Is 2015 the Tipping Point for Reshoring? | Trade and Industry Development

Is 2015 the Tipping Point for Reshoring?

May 14, 2015 | By: Michelle Comerford

The global economic indicators that led the Boston Consulting Group (BCG) to predict a shift of manufacturing operations from China to the U.S., otherwise known as “reshoring,” are seemingly coming to fruition. The BCG study Made in America, Again, completed in 2011, concluded that for many goods destined for North American consumers, the economics for manufacturing in the U.S. would ultimately become competitive to China, reaching a “tipping point” around 2015. 

The study predicted that in many cases, companies in the following sectors would shift production back from China or choose to locate new investments in the U.S.:

  • Transportation goods

  • Computers and electronics

  • Fabricated metal products

  • Machinery

  • Plastics and rubber

  • Appliances and electrical equipment

  • Furniture.

So, what’s the rationale for reshoring? Higher wage rates in China and increasing costs for global transportation of goods mean shrinking price advantages for producing products overseas. Being closer to U.S. customer markets means production can react faster to changing consumer preferences, fulfill orders faster and speed development of new products. 

Today, costs to ship ocean freight from China to the U.S. are higher than ever, with further rate hikes on the horizon. Delivery times also have been jeopardized by both natural and man-made risk factors. The longshoremen’s union strike at the Port of Los Angeles/Long Beach is the most recent example of delivery delay issues, which resulted in products stuck sitting on ships in the harbor for weeks while store shelves dwindled. 

From a labor standpoint, Chinese wage rates also have risen at a swift pace over the past five years. According to the National Bureau of Statistics in China, average yearly wages in manufacturing have increased by over 50 percent since 2011.   

Naysayers to the U.S. reshoring trend cite Mexico as a more likely manufacturing location – closer to the U.S. market than China, with lower cost labor compared with the U.S. But the mammoth retailer Walmart is swaying the market: in 2013, the company announced it would spend an additional $250 billion dollars on “Made in the USA” products over the next 10 years.  The purpose of the program is multifold:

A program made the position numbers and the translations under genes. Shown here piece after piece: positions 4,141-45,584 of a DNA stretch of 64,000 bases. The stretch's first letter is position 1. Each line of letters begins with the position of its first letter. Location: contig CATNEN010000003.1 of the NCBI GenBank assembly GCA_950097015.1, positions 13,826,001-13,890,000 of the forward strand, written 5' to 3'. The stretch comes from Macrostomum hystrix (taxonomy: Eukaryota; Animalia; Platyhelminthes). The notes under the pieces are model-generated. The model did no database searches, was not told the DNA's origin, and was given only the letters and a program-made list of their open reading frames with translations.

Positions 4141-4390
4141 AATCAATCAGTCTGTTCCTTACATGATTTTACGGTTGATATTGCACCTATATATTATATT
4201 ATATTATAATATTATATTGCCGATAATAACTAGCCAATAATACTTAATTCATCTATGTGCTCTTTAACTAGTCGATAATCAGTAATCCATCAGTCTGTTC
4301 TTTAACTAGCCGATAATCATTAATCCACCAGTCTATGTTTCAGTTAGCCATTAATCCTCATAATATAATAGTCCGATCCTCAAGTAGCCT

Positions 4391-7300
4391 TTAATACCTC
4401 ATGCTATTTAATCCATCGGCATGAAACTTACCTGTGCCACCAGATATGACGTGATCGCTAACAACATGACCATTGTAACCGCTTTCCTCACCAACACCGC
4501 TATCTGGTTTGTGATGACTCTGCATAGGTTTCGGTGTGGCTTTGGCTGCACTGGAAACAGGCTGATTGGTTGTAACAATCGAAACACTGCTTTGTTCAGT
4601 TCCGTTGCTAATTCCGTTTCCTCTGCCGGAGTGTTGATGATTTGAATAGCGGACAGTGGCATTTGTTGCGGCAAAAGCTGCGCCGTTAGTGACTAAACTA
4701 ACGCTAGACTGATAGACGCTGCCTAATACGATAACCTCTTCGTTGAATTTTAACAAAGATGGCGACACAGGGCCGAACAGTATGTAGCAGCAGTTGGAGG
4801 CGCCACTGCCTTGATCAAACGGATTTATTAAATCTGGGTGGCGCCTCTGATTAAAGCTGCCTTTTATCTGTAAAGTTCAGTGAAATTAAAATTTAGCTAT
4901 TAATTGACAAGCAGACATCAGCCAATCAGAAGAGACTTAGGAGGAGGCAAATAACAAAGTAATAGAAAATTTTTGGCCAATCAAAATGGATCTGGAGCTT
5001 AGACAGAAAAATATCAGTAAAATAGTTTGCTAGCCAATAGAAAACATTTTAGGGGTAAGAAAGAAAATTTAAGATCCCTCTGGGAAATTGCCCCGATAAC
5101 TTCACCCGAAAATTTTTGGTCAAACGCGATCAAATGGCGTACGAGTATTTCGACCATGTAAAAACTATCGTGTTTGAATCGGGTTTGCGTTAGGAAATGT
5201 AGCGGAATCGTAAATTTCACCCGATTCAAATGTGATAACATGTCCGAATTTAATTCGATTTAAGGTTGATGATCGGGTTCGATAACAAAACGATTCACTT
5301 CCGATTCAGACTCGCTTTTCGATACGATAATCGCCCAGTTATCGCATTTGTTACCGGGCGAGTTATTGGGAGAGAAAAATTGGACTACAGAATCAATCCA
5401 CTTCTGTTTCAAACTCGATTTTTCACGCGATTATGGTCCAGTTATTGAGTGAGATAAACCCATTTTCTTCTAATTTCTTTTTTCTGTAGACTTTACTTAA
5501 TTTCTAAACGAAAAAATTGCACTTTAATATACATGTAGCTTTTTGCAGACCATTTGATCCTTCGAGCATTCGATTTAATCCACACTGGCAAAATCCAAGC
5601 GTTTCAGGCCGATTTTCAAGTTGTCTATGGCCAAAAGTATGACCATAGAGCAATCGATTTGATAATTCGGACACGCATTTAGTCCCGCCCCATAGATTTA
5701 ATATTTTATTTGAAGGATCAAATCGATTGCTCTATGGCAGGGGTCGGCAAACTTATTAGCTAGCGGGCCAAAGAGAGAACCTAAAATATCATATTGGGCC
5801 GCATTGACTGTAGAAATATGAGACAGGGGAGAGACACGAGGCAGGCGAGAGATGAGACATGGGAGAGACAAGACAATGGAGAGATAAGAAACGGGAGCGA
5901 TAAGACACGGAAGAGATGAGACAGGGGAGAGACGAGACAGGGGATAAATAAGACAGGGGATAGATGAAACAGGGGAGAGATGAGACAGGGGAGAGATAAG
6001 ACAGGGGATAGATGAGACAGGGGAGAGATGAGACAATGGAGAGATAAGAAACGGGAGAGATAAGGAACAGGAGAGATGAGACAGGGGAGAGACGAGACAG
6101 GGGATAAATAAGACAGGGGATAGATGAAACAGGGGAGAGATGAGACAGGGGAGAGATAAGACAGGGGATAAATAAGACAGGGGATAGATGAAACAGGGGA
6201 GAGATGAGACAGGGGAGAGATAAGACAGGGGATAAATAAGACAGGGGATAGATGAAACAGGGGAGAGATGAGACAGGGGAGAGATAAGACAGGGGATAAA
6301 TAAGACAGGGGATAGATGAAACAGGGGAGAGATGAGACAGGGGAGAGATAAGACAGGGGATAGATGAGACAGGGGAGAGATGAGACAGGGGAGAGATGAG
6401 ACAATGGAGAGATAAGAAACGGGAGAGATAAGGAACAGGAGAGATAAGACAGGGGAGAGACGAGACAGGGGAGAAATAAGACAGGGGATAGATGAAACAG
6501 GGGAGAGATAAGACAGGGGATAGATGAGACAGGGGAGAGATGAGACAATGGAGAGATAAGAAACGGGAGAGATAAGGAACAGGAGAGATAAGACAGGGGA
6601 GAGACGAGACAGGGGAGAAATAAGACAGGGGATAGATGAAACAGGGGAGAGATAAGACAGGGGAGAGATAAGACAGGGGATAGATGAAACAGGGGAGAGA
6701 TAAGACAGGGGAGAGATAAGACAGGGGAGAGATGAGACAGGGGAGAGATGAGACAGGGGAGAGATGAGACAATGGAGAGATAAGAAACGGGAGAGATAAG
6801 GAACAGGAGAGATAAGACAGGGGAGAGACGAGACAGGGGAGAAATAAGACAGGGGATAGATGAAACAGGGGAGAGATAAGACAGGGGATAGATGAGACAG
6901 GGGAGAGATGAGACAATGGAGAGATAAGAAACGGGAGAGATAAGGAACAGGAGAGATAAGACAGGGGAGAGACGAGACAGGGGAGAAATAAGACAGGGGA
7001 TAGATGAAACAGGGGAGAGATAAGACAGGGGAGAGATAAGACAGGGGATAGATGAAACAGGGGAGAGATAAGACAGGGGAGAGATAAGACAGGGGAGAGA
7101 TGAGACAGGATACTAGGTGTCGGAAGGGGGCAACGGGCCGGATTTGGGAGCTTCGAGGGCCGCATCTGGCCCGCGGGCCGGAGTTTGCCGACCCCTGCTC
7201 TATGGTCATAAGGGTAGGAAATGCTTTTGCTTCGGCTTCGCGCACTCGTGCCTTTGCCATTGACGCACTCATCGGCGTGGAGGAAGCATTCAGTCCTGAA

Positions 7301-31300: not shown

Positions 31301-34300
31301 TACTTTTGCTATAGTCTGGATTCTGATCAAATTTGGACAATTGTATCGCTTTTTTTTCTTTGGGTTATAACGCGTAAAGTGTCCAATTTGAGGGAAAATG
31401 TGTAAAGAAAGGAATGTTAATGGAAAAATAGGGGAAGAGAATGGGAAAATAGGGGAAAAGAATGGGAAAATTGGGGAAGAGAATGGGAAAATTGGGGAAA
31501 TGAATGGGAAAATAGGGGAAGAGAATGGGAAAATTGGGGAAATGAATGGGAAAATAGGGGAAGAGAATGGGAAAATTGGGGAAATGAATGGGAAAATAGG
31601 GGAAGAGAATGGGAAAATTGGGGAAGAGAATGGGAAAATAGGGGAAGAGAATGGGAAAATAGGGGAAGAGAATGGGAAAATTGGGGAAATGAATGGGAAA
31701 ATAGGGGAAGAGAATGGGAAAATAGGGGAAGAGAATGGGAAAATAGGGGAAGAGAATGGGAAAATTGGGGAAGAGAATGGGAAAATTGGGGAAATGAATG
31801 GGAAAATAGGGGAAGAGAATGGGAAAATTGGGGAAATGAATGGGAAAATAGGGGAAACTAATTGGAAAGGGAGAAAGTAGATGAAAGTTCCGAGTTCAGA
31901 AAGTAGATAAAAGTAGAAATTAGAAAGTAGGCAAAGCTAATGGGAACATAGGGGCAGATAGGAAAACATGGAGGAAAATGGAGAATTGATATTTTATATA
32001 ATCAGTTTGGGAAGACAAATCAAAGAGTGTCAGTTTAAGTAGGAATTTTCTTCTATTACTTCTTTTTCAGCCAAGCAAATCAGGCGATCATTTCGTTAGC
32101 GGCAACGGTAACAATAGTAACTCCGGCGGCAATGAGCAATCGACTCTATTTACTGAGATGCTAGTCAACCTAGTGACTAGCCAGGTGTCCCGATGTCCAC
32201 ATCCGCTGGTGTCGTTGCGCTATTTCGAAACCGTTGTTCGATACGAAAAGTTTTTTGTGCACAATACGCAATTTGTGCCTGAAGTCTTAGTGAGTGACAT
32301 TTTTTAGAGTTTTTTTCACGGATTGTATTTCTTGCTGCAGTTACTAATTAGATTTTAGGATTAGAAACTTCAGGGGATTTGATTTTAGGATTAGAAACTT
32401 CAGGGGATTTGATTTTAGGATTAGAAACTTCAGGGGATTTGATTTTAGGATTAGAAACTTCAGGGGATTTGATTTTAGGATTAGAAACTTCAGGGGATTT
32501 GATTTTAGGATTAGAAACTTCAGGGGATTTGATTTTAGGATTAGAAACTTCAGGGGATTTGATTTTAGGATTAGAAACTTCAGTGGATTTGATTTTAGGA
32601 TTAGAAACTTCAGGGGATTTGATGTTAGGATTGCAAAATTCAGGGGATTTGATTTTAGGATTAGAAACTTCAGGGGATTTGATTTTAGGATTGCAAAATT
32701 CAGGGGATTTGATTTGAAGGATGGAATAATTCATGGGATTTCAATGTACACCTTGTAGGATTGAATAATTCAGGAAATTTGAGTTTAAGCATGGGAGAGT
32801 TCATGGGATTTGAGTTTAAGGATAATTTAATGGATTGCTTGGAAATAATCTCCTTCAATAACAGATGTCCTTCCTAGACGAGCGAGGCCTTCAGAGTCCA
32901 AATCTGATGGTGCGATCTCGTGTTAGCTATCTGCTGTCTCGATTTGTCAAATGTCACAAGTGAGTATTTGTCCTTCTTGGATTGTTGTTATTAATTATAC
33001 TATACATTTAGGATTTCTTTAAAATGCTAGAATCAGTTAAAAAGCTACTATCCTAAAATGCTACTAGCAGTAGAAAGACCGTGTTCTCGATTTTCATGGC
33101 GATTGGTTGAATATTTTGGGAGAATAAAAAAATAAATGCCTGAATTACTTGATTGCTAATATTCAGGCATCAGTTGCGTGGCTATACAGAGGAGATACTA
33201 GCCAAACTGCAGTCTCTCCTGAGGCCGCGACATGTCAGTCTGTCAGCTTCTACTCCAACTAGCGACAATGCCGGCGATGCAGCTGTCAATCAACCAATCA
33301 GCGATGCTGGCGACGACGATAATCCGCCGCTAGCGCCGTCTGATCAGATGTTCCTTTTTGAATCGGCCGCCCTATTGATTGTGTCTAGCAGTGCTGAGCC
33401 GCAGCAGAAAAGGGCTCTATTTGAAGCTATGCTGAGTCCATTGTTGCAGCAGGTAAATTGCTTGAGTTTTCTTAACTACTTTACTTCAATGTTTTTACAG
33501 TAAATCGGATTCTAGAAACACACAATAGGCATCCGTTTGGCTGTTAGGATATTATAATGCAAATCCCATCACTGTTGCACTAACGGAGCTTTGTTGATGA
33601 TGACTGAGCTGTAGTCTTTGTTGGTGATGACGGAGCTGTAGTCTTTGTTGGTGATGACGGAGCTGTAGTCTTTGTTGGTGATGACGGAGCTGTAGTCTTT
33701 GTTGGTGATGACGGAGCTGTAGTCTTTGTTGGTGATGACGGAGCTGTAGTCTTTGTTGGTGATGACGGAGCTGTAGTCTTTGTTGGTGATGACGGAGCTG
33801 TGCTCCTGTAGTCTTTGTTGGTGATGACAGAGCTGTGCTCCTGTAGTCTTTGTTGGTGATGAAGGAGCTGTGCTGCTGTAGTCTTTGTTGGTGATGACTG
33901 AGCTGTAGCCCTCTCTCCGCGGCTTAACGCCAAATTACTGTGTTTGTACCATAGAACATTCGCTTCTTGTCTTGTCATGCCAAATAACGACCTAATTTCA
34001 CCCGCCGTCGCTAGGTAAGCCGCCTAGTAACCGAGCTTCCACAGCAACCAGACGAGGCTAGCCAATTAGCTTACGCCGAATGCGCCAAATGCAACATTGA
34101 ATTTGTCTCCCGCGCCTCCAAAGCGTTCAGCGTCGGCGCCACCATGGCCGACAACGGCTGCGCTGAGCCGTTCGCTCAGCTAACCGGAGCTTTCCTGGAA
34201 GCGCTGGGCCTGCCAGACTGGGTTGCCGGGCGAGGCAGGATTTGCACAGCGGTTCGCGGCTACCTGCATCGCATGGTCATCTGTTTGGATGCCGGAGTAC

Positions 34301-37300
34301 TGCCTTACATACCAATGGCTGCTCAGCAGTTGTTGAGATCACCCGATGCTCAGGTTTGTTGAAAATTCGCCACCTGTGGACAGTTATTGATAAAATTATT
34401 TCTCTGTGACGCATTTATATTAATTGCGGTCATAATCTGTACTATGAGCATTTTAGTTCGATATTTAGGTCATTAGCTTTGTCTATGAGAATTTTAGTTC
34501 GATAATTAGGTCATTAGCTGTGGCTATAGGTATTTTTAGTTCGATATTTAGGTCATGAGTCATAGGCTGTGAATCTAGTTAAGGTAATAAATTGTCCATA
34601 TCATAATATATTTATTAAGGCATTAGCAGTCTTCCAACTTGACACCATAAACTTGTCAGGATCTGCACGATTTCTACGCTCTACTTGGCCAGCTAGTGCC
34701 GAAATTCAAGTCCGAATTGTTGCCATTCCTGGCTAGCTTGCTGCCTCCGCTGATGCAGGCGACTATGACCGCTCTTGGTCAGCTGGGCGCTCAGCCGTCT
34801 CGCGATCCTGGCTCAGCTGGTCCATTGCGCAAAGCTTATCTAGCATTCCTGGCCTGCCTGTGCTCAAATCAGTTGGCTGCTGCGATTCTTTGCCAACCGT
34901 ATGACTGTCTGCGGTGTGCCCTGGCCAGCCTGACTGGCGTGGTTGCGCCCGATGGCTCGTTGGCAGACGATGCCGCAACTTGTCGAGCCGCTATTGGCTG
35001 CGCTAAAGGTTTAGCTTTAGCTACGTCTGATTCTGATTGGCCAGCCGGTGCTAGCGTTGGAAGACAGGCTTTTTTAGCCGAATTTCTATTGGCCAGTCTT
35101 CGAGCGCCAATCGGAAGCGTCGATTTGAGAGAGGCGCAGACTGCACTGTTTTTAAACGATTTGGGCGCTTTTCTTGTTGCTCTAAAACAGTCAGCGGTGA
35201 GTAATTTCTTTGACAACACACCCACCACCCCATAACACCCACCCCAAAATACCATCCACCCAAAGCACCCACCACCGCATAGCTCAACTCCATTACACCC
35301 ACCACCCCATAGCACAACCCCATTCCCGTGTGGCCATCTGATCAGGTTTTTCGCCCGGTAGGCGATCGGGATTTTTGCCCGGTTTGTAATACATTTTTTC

• Sourcing products closer to demand allows for faster response to seasonal trends

  • Consumer demand for products labeled “Made in USA” is rising

  • With over 5,000 stores across the U.S., Walmart realized it can increase consumer buying power in its stores by creating manufacturing jobs nearby. 

  • Walmart recently announced a re-commitment to its Made in USA Program, and other major retailers are following suit. Companies are responding by reshoring their operations. Here are some recent examples: 

  • HanesBrands recently announced it would bring 120 new jobs to Clarksville, Arkansas, for a new hosiery production line to be moved from Honduras 

  • Element Electronics has built the first U.S. television assembly plant in decades in Winnsboro, South Carolina, and will employ 500 by 2018.The parts are still sourced offshore, in large part because the supply chain for televisions in the U.S. was non-existent after the industry disappeared, but the company is working to identify U.S. suppliers

  • Last fall, global bicycle supplier Kent International began production of U.S.-made bicycles called Bicycle Corporation of America (BCA) at a new facility in Manning, South Carolina, that will employ 200. After years of sourcing products in China, BCA represents the first mass-production bicycle facility in the U.S. in more than 15 years. In addition to Walmart, BCA also is supplying products to Toys R Us, Amazon and other sporting goods retailers.   

Despite the favorable economics and recent success stories, some companies that want to bring manufacturing back to the U.S. still need support services to make it happen. Supply chains for some industries that in large part left the U.S. years ago, such as textiles, have to be rebuilt. Labor skill sets must be established for new manufacturing processes, many of which are automated and require skilled labor for operating and maintaining equipment. Financing programs with flexible terms need to be created to assist with startup costs.   

The conditions are right for 2015 to be the start of the “tipping point” for U.S. reshoring, but local communities and states across the U.S. will need to help create the right local economics to realize the trend’s full potential.

About the Author